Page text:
“Bree is a loser, a wannabe author who hides behind words. But when she’s told she needs to start living a life worth writing about, The Manifesto on How to Be Interesting is born. Six steps on how to be interesting. Six steps that will see her infiltrate the popular set, fall in love with someone forbidden and make the biggest mistake of her life.”
I picked this up at YALC for a few reasons – Holly Bourne was there and hopefully I’d be able to get it signed (I didn’t), it had bright orange edging on the pages, and the tile is frankly hella interesting.
At first, I really didn’t like Bree. Sure, I was enjoying the story – a seventeen year old wanting to get her writing published and feeling a bit of a social outcast? Hello, younger me! – but Bree grated on me. She was almost too cynical about life; trying to be above everyone at school and telling herself that it was a good thing that she didn’t care about any of it. I understood, but I didn’t really like her.
When Bree decides to start her blog, The Manifesto on How to be Interesting, and become an ‘interesting’ person – pretty, popular, having sex, etc. –I found I liked her more as the book went on. Not because she was suddenly attractive and hanging out with the cool kids and going to partied, but because she was opening up, becoming less cynical, and understanding that everything in school wasn’t as shallow as she’d thought before. And, she starts to realise that maybe ‘interesting’ isn’t exactly all about what she thinks it is.
And for that, I’d have to say that Bree is one of the best characters I’ve come across in a while.
It was so great to follow Bree’s journey as she works on the Manifesto and changes her life around. I loved the relationships that were built up (and destroyed, in some cases) and I loved the way that Bree maintained some of her cynicism about the whole thing, not losing all of herself in the project.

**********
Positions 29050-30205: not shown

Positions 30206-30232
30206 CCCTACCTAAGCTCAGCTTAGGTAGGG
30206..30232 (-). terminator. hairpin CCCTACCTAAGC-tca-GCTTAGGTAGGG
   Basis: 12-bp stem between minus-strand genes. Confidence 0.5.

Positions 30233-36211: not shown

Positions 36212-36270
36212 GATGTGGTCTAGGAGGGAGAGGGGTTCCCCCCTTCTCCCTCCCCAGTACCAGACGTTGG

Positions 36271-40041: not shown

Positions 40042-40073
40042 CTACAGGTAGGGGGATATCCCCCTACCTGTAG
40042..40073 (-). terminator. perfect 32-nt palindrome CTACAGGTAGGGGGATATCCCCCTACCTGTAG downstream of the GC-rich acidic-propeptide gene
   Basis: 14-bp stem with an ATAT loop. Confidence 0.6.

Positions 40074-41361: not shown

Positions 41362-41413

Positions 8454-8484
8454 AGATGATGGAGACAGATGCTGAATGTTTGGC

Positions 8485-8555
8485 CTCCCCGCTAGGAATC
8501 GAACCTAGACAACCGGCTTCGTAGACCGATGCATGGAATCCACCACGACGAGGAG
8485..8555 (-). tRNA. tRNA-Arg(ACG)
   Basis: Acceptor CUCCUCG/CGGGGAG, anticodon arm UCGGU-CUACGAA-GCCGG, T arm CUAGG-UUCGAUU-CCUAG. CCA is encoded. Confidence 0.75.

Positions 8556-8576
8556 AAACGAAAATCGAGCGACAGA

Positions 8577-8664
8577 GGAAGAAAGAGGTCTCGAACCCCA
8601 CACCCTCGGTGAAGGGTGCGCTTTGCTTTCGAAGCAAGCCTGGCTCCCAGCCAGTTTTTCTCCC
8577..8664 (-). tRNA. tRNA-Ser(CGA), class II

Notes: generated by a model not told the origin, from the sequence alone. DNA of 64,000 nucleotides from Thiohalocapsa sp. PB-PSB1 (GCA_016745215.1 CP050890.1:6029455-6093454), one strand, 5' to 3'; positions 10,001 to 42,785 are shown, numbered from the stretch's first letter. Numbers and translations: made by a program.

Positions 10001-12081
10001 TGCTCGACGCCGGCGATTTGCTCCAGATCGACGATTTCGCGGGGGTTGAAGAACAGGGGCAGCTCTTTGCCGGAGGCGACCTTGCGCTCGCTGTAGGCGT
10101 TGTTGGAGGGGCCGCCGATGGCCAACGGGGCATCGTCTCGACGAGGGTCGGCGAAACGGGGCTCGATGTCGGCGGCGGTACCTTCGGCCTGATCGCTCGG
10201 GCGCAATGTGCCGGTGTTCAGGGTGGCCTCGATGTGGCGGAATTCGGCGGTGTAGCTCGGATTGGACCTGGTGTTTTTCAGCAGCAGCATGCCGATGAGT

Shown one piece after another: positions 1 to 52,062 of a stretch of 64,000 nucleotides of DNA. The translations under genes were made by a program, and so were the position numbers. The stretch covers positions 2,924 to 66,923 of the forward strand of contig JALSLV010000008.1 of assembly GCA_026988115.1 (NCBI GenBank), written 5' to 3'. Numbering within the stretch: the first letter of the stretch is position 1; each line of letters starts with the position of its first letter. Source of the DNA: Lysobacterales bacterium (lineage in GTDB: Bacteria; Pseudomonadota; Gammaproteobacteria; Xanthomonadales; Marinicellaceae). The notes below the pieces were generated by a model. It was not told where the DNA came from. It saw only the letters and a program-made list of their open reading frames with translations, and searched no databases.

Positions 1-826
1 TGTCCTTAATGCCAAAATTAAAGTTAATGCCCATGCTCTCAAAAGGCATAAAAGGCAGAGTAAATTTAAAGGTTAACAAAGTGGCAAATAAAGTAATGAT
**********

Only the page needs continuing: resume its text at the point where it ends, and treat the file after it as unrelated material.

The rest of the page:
As for the other characters, I felt that Holly does an incredible job of making them all so fleshed-out; none of the other characters felt two-dimensional to me. Holdo, Bree’s best friend before the Manifesto starts, was great, even if he did grate on me at times; Jass was wonderful and I loved that she wasn’t written to be entirely shallow; Hugo, the eyecandy of the school, was really well-written to. Hell, the entire book was well-written! I loved the way Bree’s voice came across in the blog entries, too.
Also, I will say, as I do when necessary, there is a trigger warning for this book. Bree self-harms (though this is not described in detail) and even though it’s a very minor trigger warning at first, I will say that toward the end it’s probably a bit stronger. Just to warn anyone who needs it.
But even so, I’d recommend the book to anyone and everyone. It is FRICKIN AMAZING and I felt like Holly dealt with some of the heavier issues in it wonderfully – so hats off to her for such a wonderful book!